As the Wall Street Journal notes in its recent article “Investors Can’t Get Enough of Wall Street’s Sucker’s Bet,” “the distinction between an investment and a gamble lies in the odds of success.” Leveraged and inverse exchange-traded funds (ETFs) often have “odds resembling a casino game.”
What are Leveraged and Inverse ETFs?
Traditional ETFs generally act much like mutual funds in that shares represent an interest in a portfolio of securities that often track an underlying benchmark or index. Unlike traditional mutual funds, however, shares in an ETF typically trade throughout the day on an exchange at prices established by the market.
Leveraged ETFs are non-traditional ETFs that seek to deliver multiples of the performance of the benchmark or index they track. Leveraged inverse ETFs seek to achieve a return that is a multiple of the inverse performance of the underlying index. For example, a 3x leveraged inverse ETF based on the S&P 500 would lose 6% on a day the S&P 500 gained 2%.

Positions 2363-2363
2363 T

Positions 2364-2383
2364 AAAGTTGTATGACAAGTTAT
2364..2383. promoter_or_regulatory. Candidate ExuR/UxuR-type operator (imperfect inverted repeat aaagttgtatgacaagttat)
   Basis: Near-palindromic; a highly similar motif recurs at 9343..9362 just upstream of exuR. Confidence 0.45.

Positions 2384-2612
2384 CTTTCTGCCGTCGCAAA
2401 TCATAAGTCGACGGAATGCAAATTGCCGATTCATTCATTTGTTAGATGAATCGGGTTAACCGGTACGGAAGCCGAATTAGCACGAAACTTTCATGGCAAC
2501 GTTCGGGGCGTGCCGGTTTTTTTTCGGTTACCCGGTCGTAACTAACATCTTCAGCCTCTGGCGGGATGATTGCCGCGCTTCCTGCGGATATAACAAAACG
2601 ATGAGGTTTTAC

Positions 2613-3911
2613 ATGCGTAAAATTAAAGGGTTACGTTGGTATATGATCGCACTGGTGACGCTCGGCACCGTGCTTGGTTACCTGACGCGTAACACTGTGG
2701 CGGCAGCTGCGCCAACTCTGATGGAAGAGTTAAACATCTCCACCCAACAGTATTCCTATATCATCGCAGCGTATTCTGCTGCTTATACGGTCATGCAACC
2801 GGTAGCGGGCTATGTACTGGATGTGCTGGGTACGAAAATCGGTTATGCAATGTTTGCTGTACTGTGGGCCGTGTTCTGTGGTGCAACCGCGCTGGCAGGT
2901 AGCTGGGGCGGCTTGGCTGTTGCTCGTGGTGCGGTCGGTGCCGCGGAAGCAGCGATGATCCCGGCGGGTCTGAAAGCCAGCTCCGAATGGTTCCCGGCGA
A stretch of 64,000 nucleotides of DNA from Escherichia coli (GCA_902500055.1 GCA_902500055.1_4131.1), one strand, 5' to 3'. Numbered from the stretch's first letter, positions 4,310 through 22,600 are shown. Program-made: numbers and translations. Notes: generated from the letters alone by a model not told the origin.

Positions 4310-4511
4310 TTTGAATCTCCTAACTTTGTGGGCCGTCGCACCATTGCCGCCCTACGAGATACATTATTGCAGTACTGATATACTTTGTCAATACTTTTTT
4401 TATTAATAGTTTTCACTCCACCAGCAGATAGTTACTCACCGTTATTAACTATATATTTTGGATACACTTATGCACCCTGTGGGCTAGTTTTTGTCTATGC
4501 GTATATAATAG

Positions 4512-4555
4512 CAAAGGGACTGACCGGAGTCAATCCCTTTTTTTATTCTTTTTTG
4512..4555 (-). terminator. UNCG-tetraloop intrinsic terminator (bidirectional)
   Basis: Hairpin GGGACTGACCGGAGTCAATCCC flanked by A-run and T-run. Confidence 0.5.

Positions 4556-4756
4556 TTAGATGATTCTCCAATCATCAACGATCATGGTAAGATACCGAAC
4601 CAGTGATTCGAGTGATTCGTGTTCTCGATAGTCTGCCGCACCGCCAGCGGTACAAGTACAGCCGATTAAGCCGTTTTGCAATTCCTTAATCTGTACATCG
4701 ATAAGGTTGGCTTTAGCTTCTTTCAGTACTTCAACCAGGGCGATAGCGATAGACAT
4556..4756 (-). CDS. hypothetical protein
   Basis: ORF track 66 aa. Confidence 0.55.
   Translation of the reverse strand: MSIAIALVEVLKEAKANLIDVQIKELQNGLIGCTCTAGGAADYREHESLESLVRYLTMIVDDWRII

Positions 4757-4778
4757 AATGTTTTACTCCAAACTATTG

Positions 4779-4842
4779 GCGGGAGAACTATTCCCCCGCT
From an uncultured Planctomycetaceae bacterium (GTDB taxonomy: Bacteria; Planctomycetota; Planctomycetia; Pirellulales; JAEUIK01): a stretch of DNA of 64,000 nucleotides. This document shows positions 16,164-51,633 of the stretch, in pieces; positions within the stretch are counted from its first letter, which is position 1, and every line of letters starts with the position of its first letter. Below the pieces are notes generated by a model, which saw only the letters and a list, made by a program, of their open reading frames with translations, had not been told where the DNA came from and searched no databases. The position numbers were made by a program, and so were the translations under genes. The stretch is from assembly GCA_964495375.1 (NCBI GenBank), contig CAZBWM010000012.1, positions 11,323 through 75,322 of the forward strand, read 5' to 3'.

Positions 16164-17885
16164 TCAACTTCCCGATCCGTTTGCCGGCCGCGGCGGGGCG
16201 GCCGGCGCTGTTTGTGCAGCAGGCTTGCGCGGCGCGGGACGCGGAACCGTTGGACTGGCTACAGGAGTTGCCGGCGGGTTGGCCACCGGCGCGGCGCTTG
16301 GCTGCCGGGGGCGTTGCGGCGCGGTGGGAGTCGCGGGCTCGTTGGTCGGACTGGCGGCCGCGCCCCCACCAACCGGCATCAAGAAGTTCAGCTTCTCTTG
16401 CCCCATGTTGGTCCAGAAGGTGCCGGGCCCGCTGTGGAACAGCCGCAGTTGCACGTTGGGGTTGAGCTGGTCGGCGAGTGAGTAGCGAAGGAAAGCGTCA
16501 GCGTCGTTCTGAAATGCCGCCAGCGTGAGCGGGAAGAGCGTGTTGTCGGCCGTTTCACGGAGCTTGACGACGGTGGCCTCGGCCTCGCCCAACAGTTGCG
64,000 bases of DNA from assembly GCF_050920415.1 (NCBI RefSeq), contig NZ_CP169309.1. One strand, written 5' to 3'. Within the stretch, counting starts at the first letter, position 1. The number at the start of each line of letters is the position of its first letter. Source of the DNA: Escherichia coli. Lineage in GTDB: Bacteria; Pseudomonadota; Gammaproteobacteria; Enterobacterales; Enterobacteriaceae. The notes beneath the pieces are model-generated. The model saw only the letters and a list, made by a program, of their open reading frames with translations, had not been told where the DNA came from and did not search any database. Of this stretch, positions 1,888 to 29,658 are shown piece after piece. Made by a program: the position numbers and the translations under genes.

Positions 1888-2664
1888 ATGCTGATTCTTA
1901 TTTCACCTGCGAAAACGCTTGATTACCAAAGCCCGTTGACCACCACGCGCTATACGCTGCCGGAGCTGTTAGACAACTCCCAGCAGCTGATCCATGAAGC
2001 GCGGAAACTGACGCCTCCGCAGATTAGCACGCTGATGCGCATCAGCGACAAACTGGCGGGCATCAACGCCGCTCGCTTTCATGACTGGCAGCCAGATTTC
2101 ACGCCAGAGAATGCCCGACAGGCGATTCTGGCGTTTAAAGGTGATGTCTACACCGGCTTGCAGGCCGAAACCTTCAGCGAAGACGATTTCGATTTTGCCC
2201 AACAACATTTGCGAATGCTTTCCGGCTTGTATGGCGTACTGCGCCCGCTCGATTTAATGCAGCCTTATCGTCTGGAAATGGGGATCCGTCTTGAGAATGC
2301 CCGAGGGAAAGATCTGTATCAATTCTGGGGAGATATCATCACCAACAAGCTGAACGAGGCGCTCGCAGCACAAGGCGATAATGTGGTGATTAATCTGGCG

Importantly, leveraged and inverse ETFs are “reset” daily, meaning they are designed to achieve their stated objective only on a daily basis. For that reason, these funds are intended to be held for very short periods of time. (According to FINRA Notice 09-31, inverse and leveraged ETFs typically are not suitable for retail investors who plan to hold them for more than one trading session.)
An Investment or a Gamble?
While a traditional ETF can be a valuable investment tool, leveraged and inverse ETFs are extremely risky. For example, the WSJ tracked one such fund, the Direxion Daily Financial Bear 3X Shares Fund, “which has lost money on 54% of days and every calendar year since its launch in late 2008.” To illustrate the fact that these funds are intended to be held for short periods of time, the Wall Street Journal calculated that a $10,000 investment in Direxion Daily Financial Bear Fund made in 2008 is now worth about $2.
If you are an investor who has any concerns about leveraged or inverse fund investments in your portfolio, please contact the Law Office of Scott Lane for a no-cost and no-obligation evaluation of your investments. You may have a viable claim for recovery of your investment losses by filing an arbitration claim with FINRA.